NWS issued a heat advisory for today through Sunday (6/26), with heat index values of 103-115 degrees. All animals need to be brought inside during the heat advisory. Call 911 if you see a dog outside during this time.
When to Worry About an Itchy Pet
February 9, 2021
Why Treating Your Pet’s Skin Issues is So Important
Did you know your pet can have allergies? When is an itchy pet a sign of something more serious?
One of the most common medical issues we see in animals is skin disease. This type of illness is not only preventable but can save you a ton of money by treating it early.
Dog skin conditions are unfortunately all too common. Uncomfortable allergic reactions can cause:
Left untreated, they often lead to hair loss and painful lesions, referred to as hot spots, that become infected without proper care. Environmental factors such as grasses, dust, mold, pollen, mildew, and other airborne allergens might also make your pet itchy and uncomfortable
Food allergies are less common, but when food allergies do occur, the condition is usually caused by specific protein in the food. Common food-causing allergies are beef, chicken, lamb, pork and wheat. Resolution to these types of allergies can be explored by talking to your veterinarian and may result in a food trial in which you try a different type of food to try to identify the allergy causing ingredient in your pet’s food. Food trials may also lead to putting your pet on a prescription diet.
Dogs can also develop an allergic reaction to flea bites, which is an immune response to flea saliva known as parasitic dermatitis. This can cause excessive itching, inflammation, and hair loss. While flea allergies are the most common cause of ectoparasitic allergies, tick bites can also trigger a similar reaction in dogs. Ticks can also carry a wide variety of other diseases, so making sure your pet is on proper flea and tick prevention is a key component to your pet’s health. Other types of parasitic infections can be caused by skin reactions from various types of mites, such as demodex or scabies. These conditions must be diagnosed and treated by your veterinarian as some forms of mange and mite infections can be spread to humans and other pets.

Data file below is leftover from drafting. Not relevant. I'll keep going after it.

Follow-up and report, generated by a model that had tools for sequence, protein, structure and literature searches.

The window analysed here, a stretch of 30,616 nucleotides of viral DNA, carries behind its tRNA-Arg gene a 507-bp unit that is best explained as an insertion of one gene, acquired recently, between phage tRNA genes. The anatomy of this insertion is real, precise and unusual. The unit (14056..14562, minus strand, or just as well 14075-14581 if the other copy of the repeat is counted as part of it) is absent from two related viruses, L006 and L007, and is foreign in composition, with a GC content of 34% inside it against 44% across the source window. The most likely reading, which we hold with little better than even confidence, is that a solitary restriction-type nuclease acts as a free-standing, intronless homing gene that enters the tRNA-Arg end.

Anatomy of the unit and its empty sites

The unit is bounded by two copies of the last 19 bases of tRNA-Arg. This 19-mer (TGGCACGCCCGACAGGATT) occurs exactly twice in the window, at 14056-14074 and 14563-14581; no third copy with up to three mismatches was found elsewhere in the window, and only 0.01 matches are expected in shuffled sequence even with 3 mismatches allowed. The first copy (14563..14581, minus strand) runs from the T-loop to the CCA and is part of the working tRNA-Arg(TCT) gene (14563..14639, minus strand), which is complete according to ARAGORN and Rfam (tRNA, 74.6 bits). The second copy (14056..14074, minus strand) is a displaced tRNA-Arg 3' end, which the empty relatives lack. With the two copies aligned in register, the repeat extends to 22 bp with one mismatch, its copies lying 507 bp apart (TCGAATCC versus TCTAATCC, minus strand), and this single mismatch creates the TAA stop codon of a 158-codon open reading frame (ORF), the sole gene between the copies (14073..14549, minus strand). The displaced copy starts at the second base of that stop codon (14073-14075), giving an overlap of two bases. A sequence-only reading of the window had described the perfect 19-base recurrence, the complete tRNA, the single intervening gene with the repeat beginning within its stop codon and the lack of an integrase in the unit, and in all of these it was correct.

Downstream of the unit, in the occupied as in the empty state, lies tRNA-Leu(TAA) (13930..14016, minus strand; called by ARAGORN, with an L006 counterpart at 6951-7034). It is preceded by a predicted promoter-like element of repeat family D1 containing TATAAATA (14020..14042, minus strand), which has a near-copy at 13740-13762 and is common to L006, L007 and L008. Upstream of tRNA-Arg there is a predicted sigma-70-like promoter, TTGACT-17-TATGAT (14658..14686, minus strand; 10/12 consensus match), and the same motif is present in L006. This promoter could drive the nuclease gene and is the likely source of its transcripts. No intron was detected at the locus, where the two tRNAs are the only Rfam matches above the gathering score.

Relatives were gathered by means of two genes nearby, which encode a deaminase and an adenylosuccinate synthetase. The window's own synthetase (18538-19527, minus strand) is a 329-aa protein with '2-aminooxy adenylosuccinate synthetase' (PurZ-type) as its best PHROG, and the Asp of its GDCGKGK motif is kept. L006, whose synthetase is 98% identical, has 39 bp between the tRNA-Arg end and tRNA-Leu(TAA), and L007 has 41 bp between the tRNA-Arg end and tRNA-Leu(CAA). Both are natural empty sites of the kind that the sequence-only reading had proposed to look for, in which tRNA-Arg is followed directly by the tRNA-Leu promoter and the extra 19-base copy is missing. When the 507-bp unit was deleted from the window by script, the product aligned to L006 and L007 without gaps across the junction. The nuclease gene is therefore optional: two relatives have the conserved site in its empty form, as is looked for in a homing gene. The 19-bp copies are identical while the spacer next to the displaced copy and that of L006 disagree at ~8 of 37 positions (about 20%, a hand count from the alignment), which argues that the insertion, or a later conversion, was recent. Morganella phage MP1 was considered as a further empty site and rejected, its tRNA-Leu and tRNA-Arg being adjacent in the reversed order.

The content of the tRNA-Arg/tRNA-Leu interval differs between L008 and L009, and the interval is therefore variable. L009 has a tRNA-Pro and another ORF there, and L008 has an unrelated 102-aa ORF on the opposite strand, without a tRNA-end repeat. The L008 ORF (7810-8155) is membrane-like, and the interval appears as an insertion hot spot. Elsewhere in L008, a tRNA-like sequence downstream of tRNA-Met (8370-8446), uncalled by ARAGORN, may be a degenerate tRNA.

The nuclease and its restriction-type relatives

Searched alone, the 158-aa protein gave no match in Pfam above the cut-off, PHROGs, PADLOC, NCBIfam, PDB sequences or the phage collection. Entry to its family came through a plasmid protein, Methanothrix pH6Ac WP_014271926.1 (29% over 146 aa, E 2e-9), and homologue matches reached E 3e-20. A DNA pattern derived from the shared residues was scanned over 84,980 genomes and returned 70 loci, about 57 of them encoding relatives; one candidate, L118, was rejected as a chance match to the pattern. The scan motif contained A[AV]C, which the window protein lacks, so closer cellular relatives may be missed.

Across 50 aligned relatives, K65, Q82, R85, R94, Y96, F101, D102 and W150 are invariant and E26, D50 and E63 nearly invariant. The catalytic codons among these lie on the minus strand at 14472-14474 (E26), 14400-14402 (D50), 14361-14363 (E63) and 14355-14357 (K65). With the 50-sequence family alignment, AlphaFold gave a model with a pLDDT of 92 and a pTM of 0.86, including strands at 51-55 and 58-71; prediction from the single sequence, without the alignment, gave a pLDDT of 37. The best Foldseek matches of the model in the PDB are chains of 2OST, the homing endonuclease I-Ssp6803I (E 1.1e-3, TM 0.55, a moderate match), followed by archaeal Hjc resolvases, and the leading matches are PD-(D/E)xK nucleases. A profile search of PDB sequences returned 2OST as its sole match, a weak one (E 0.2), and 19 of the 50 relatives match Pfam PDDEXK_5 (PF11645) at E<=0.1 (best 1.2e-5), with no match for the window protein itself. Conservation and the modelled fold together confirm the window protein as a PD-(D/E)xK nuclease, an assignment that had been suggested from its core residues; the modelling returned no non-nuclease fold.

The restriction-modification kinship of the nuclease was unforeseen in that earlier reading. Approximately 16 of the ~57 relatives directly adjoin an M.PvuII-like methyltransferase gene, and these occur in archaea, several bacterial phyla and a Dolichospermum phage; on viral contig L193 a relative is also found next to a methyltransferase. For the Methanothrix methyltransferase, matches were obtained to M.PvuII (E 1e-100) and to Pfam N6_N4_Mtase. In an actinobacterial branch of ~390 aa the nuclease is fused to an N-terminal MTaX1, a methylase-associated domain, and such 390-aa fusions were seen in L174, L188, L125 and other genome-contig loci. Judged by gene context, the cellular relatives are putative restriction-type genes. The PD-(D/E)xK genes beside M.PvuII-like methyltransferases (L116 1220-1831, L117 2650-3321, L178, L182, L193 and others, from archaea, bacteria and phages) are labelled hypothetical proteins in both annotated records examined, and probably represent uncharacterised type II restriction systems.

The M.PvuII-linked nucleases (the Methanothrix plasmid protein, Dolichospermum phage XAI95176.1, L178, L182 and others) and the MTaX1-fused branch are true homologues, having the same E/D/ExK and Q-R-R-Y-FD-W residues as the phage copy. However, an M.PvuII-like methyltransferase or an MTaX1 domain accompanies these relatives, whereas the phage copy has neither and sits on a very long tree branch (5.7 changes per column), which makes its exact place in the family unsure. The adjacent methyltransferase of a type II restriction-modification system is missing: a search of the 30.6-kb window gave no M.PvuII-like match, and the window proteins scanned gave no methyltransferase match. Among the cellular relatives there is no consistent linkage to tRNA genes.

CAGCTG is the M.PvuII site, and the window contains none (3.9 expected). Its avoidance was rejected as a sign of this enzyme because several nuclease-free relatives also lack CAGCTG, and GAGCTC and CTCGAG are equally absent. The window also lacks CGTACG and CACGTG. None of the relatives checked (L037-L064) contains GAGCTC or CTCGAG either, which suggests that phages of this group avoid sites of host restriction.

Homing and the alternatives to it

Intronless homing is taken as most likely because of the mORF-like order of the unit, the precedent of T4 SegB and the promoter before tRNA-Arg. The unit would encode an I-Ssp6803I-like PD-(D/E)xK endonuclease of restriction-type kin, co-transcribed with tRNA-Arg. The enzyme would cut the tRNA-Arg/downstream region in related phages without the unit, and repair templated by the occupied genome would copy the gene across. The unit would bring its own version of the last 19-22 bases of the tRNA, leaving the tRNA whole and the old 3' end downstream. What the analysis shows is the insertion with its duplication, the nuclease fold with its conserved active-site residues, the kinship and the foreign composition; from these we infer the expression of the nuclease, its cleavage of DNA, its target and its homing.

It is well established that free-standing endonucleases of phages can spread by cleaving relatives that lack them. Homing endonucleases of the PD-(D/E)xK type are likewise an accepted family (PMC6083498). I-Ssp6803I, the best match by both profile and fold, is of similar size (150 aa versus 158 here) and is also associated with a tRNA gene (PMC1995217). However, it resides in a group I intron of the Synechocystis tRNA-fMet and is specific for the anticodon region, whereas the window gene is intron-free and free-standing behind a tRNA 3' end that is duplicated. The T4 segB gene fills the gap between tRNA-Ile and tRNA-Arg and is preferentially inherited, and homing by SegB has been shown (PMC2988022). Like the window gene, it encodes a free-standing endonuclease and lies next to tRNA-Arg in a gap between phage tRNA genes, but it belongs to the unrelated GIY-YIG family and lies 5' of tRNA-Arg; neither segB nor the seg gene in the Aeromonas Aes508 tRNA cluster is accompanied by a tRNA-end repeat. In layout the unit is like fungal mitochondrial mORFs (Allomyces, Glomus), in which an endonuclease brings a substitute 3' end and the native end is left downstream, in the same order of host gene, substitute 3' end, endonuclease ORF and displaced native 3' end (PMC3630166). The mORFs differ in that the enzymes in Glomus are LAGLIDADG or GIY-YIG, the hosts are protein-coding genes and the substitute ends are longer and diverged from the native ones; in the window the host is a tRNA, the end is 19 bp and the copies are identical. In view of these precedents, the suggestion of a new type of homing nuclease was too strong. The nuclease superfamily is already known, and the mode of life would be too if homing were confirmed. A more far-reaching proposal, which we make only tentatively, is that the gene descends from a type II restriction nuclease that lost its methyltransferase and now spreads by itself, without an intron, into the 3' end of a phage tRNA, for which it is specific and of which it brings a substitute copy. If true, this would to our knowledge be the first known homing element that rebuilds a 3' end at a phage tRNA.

Pets can also develop skin infections caused by bacterial, fungal, or yeast infections. One common cause is fungi commonly known as “ring worm”. These fungi can be contagious to other pets and humans and require topical and sometimes oral medications provided by a veterinarian to resolve. Yeast infections are often secondary to other forms of allergic dermatitis and often found as the core cause of ear infections along with other bacterium. Other causes of skin infections and alopecia can be a result of an internal disease processes that may require further lab work and/or blood work to properly diagnose. In addition to treating any underlying medical conditions, antibiotics, antifungal medications as well as topical medications are typically prescribed to address these types of skin issues. It is important that if your pet struggles with chronic skin issues your vet may need to try several different courses of action to get to the root cause or find the best method of keeping your pet comfy.
Consistent care, compliance and communication with your veterinarian are important contributions pet owners can make to successfully providing your pet with a life less itchy.
To make an appointment to discuss your pet’s skin issues contact your veterinarian or our Community Clinic click the button below!